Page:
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Children’s perspective largely differs when it comes to a variety of subjects and themes. Things like great and disastrous catastrophes, family, or home will look very much extraordinarily for an adult mindset. A child’s thoughts about serious subjects might be somewhat naïve, idealistic, or even partially incomplete. Nevertheless, such notion means only that a child can offer a different and, oftentimes, an even more peculiar perspective. This lies down on paper in a corresponding fashion when an author tells a story from the child’s point of view. This is particularly the case for Thanhha Lai and her autobiographical work Inside Out and Back Again published in 2011. Essentially, telling a story of her early life through the eyes of a 10-year-old Ha sheds light on many parallels between family and immigration as well as warfare and school.
A Journey Inside Out
Thanhha Lai’s Inside Out and Back Again was published in 2011, after the author allegedly worked on a book for nearly 30 years. The narrative, presented in a verse form, follows the story of a Vietnamese family who migrate to the United States as the Vietnam War rages and devastates their country. The protagonist of the story Ha, prototyped from the author herself, finds it extremely hard to adjust to her new surroundings, which are far from being friendly. As she lives through the events of the story, she often thinks about her family, its purpose and importance, as well as the war and how it might be similar to her school life (Lai). Such parallels draw quite a peculiar philosophy, offering the reader a first-hand experience as to what it is like to be an immigrant in the United States.
Warfare and, more specifically, its consequences, is one of the central themes in the book. The protagonist was born not long before the Vietnam War, and, essentially, does not remember much aside from it. In the second poem of the first part of the book, Ha thinks,
Maybe soldiers will no longer
patrol our neighborhood,
maybe I can jump rope
maybe the whistles that
to push us under the bed
will stop screeching (Lai 1.2.5-12).
The sense of need to hide all the time certainly bothers Ha and she hopes for that need to cease to exist one day. As she flees to the United States, however, the situation does not seem very different to her there as the family faces all the hardships of immigration, especially considering that none of them speaks proper English. In the 23rd poem of part 3, Ha wishes “that Mother wouldn’t / hide her bleeding fingers” and that “English could be learned / without so many rules” (3.23.6-7; 15-16). It seems like Ha’s family left the warfare behind, yet the discomforting rules and need to hide still remains in her mind. A need to hide from bombs is no different than a need to hide one’s feelings or bleeding hands and constitutes an unnecessary rule that nobody would want wish to follow.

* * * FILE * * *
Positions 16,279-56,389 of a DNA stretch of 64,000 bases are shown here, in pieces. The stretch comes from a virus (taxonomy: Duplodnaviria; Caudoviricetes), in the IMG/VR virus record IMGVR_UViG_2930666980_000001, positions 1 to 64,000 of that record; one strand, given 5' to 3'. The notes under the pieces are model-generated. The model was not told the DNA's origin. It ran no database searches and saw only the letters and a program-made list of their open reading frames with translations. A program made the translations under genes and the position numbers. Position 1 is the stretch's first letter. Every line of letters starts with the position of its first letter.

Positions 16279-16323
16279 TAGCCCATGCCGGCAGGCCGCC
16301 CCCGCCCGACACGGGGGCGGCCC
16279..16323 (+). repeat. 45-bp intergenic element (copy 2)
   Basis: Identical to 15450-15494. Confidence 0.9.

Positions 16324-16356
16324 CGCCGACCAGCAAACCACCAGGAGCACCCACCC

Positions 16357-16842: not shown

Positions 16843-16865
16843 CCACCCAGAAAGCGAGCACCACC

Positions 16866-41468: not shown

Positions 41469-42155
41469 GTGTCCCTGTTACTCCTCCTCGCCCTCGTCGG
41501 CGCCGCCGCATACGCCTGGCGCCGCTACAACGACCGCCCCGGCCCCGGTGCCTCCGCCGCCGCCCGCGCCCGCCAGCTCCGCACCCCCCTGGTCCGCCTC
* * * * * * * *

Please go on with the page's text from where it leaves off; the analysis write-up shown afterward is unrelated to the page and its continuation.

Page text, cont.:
Family is another important theme in the book and, perhaps, the only positive one. Although at the very beginning of the story, the reader finds out that Ha’s father “left home / on a navy mission / on this day / nine years ago” (1.6.1-4) to never return, the family keeps hope, with Ha’s mother “prepares an altar / to chant for his return” (1.6.12-13). The similar sense of ritual is seen in poem 54 of the third chapter, when Ha’s mother invites their neighbors for egg rolls. As neighbors arrive, they bring gifts for early Christmas without mentioning for they do not want to embarrass the family that has nothing for exchange (3.54.4-10). Despite all the hardships of escaping the war and life in immigration, Ha still sees hope in the future and in her family who appears to be treated decently as the time goes on. The family altar from the first part of the book also parallels with the Christmas gifts Ha’s neighbors provide them with. As Ha’s mother prepares an altar in a hope of her husband’s return, Ha’s neighbors prepared them gifts in hopes they will live in friendship and peace.
While Inside Out and Back Again is written from the child’s perspective, it manages to cover adult themes with a slightly bitter sense and unique perspective. Throughout the book, the protagonist Ha takes a note detail that adults would probably not notice. When these details cross and echo one another throughout the parts and chapters of the book, they present strong parallels between warfare and life in immigration. Indeed, it is an extremely emotional experience, to leave home due to the war and start life anew, through struggle to peace and acceptance.
Lai, Thanhha. Inside Out & Back Again. Harper And Collins, 2011.
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